Neighbourhood Profile 2020

Download the Neighbourhood Profile*

Peter-McGill has gone through some major changes since our last neighbourhood profile was released in 2008. Our Families Downtown and Youth Action Committees came together to develop an updated profile in 2019, with a particular focus on the issues facing youth and families in the neighbourhood. We would like to thank Rayside Labossière for their work compiling this profile, which highlights the dynamism and diversity of our neighbourhood. We would also like to thank all of the partners who contributed to the project by participating in focus groups or sitting on the advisory committee. For the full version of the profile, please scroll down for the download link.

*Please note that the profile is only available in French. See below for a translation of some of the main findings.

Population

3 20000
total population
2000
families
1000
youth ages 18-24

Living Conditions

Green Space

  • Without taking into account Mont-Royal Park, the density of green space in Peter- McGill is 0.5 ha/1000 residents, much lower than the Montréal average.
  • In this area, 41.7% of the surface is subjected to very hot temperatures as outlined by the Institut national de santé publique du Québec. Comparatively, only 20.4% of the Island of Montreal is in the same situation.
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Housing

  • Housing is located, for the most part, in 5+ story buildings.
  • Housing units of 1 bedroom or less dominate the real estate market, and 1 household out of 10 feel that their apartment size is too small, a rate that is higher than the Montréal average.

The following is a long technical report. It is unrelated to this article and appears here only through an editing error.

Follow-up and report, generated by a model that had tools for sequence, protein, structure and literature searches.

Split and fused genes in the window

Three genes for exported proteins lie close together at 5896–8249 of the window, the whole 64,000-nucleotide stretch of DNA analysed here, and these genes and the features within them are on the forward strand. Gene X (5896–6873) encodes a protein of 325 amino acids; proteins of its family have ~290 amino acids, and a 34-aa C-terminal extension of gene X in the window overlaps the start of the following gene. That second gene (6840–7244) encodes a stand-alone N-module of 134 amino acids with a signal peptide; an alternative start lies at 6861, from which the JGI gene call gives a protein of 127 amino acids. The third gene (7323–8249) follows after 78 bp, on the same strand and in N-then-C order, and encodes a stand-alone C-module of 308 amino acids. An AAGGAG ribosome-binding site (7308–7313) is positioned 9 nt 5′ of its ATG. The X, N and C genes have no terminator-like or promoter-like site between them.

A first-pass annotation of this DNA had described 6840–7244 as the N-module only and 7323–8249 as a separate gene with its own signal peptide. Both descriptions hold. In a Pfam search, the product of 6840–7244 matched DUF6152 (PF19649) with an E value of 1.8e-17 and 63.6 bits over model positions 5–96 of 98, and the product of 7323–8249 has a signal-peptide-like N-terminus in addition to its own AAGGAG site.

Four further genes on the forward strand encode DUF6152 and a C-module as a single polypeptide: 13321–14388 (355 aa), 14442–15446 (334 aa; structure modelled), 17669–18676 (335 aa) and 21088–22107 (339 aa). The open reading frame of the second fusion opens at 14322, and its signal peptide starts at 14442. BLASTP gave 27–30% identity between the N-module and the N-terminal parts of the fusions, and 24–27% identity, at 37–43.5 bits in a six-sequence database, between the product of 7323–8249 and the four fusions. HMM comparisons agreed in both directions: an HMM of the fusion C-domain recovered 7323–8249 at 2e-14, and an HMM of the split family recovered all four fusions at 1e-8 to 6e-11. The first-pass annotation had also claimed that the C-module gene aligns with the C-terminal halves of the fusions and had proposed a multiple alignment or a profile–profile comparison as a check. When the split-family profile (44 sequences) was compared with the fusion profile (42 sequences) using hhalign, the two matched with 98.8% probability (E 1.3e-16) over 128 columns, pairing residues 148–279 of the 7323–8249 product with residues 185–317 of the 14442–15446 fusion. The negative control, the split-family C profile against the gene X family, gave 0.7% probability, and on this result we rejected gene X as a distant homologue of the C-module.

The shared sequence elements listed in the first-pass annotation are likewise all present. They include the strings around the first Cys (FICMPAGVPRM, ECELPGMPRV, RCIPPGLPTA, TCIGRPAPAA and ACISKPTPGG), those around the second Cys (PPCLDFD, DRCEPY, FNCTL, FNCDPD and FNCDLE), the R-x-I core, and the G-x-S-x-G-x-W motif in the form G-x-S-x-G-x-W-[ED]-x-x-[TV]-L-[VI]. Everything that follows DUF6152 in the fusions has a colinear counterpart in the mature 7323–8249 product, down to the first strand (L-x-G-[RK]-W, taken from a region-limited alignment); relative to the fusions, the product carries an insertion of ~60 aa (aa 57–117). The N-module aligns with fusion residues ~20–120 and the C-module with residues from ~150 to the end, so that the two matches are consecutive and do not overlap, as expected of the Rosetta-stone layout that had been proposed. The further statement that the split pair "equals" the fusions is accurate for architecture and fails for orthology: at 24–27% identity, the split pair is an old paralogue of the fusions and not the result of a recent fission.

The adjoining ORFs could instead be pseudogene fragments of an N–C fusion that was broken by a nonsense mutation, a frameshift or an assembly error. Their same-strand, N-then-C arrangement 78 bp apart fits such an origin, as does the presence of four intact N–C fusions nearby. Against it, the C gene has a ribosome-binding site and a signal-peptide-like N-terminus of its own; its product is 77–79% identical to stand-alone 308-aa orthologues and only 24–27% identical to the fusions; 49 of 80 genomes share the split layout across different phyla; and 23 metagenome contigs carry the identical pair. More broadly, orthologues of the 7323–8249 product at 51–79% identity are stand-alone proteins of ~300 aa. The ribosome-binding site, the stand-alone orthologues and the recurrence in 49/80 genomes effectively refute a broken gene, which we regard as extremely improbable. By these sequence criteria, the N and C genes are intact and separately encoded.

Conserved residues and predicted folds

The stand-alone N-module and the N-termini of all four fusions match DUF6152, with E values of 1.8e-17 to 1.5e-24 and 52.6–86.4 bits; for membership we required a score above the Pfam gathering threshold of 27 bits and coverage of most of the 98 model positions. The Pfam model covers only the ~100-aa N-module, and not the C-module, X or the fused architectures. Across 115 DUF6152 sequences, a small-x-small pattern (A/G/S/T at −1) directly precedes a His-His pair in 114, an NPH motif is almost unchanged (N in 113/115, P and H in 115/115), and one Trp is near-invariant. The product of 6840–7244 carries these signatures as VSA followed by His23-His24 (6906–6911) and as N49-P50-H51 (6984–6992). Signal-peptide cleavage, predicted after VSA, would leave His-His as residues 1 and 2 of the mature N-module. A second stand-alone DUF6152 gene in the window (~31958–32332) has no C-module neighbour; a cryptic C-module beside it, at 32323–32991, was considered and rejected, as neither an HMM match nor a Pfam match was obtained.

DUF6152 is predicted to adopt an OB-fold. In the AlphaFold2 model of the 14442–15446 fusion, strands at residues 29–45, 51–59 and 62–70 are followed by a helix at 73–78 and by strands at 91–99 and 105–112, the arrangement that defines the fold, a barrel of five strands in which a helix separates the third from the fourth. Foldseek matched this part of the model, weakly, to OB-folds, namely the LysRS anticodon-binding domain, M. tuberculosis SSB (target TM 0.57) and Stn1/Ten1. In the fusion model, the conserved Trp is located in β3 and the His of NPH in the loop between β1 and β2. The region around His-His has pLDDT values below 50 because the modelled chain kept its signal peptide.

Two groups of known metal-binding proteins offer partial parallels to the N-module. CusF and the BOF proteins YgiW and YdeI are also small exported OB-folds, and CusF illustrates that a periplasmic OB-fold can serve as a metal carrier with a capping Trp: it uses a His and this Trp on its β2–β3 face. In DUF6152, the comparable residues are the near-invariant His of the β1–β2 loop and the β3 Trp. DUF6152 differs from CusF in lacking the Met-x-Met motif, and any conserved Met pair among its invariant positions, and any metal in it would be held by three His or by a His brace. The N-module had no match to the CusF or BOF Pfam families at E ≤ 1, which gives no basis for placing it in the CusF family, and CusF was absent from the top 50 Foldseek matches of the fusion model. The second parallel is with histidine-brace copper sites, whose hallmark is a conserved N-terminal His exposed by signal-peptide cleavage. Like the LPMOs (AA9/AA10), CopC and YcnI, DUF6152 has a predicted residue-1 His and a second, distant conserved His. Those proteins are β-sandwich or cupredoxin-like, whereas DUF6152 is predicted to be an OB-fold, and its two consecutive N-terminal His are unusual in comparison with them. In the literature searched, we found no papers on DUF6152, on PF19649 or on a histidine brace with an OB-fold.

• The Peter-McGill territory only has 440 social housing units (2.3% of households), which is less than 6% of all social housing units in Ville-Marie while the district contains 40.1% of the Borough’s population

Youth & Family Issues

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Children in Peter-McGill

  • In comparison with Montreal, families of Peter-McGill have few children (more than 60% have only one child), which is partially explained by the high cost of housing, few local services and limited access to sufficiently large housing units.
  • Youth under 14 years old are few: amongst them we find a majority of children 0-5 (1,415 or 4% of the population).
  • These numbers drop drastically in the 6-12 year old category, which could be explained by the fact that families move when their children reach school age (lack of public schools) or when families have a second child (apartment is too small).

Learning, School and Social Life

There are significant gaps between Peter-McGill and Montreal in terms of:

  • Language competencies of children aged 0-4 years old: this is largely linked to the fact that almost 80% of families with children of this age have immigrated from outside Canada)
  • Students in 6th grade who experience greater challenges in terms of lifestyle, the family context and bullying. Many believe that they lack support in their environment, particularly in school.

Immigration

A multilingual, international neighbourhood

  • Peter-McGill has 22,260 first generation immigrants, representing 63% of the population.
  • 13.8% of non-permanent residents in Montreal live in Peter-McGill, likely due to the presence of 2 major universities and several colleges.
  • Almost half (48.3%) of Peter-McGill residents’ maternal language is a non-official language
  • 27.6% of the population (9,800 people) speak a non-official language at home.